These butter mochi bites are delightfully chewy, mildly sweet, and just oh-so-good! They are wonderful with a cuppa coffee or tea and taste even better the next day. Super easy to make and gluten-free!
If you love mochi, you're going to love this latest recipe!
A reader asked me if I could develop a healthier Hawaiian butter mochi recipe after she tried my Chewy Matcha Mochi Bites recipe. Little did she know that I was already working on a butter mochi recipe, and her request only motivated me to finish it!
What Is Butter Mochi?
Butter mochi is a Hawaiian sweet treat that is kind of like a brownie/blondie but with a chewy gelatinous texture. It is made with glutinous rice flour and is totally gluten-free.
I had actually never had it prior to working on this recipe, so I looked on the web and tried Onolicious Hawaii's Butter Mochi recipe to get my starting point. It baked up beautifully and tasted really nice...I was very impressed. However, it was much too sweet for me and my family.
So on I went to develop a healthier butter mochi recipe that, while it is not exactly the same as Hawaiian butter mochi, it's still mighty good in its own right!
How Do You Make Them?
These butter mochi bites come together incredibly quickly...you'll be shocked how easy it is!
The wet ingredients components is made up of melted butter, coconut milk, maple syrup, vanilla extract, and an egg. Whisk these together until well combined.
The dry ingredients component for the butter mochi is simply glutinous rice flour and baking powder. These get added to the wet ingredients and whisked together until smooth.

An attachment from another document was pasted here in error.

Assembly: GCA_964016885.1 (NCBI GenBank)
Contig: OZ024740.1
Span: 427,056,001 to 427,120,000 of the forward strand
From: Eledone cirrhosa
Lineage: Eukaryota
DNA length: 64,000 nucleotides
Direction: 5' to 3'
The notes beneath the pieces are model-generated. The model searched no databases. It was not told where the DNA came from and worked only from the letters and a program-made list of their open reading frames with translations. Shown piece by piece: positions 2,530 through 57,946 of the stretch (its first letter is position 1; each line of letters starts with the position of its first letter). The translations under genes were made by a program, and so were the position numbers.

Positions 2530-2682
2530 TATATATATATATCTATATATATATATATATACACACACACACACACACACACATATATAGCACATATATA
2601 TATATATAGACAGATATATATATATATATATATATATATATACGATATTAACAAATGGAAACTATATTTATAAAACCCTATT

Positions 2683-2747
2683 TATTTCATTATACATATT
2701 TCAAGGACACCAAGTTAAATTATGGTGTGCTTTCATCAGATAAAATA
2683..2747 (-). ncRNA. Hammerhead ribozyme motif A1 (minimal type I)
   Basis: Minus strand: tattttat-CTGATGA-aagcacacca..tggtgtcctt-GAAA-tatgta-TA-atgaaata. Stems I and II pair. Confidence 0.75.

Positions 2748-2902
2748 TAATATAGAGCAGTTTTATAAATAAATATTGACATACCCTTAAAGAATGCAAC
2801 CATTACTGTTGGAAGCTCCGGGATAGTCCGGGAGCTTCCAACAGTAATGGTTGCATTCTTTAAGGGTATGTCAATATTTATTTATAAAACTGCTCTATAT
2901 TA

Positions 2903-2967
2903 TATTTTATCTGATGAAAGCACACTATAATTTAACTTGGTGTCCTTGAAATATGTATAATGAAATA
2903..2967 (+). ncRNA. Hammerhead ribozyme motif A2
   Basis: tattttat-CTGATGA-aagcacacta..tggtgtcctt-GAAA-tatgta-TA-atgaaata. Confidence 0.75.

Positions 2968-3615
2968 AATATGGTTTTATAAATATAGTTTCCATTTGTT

Pour or scoop the mochi batter into a butter-greased muffin tin, dividing the batter among 6 cups. If you want to make a full muffin tray's worth, simply double this recipe. I make only 6 at a time so that they get eaten while they are at their best, which is 2-3 days.
While it may seem like a good idea, do not tap the the muffin tin on the counter. I tried this, thinking that tapping out the any air bubbles would be a good thing. But oddly enough, it completely changed how these mochi bites baked up. The taste was fine, but they didn't look as nice as the times I left it alone.
Bake them for 20 minutes at 375F/190C and you will see them puff up into round mushroom-looking shapes with lovely crinkles. Once you take them out of the oven, however, they will start to sink and that is totally what you want! Let them sink and then let them cool in the pan for a few minutes before transferring them to a rack to cool completely.
Flavor and Texture
These butter mochi bites have a slight cookie type crust encasing the chewy goodness inside on the first day you bake them.
Let them sit overnight and the crust softens, the cracks in the crust seem to disappear, and the crust almost becomes one with the mochi inside. You have to try one on the day you bake them and another the day after and see which you like better, but they are both delicious.
Frequently Asked Questions
Butter mochi can be kept in a container at room temperature for about 2-3 days before you notice the texture drying out and them becoming not as soft.
No, regular rice flour is completely different and will not work with this recipe. You have to make sure you are using glutinous rice flour which is the same as sweet rice flour (it is not sweet). Mochiko is a well-known sweet rice flour brand, but there are also many other Asian brands that work.
Yes, you can, but it will taste slightly different.
Yes, you can. It may affect the texture and taste slightly, but it would work. Since you are reducing the overall liquid in the recipe, though, you would need to add 2-3 tablespoons more of coconut milk to make sure the batter is the right consistency.
Yes. While it may affect the texture and coloring, you can use regular milk, evaporated milk, non-dairy milks, or even water.
Enjoy them with an English tea latte or a soothing ginger tea. I'll have one for breakfast sometimes...and they're nice for dessert, too. Once you try it, it's hard to stop at just one!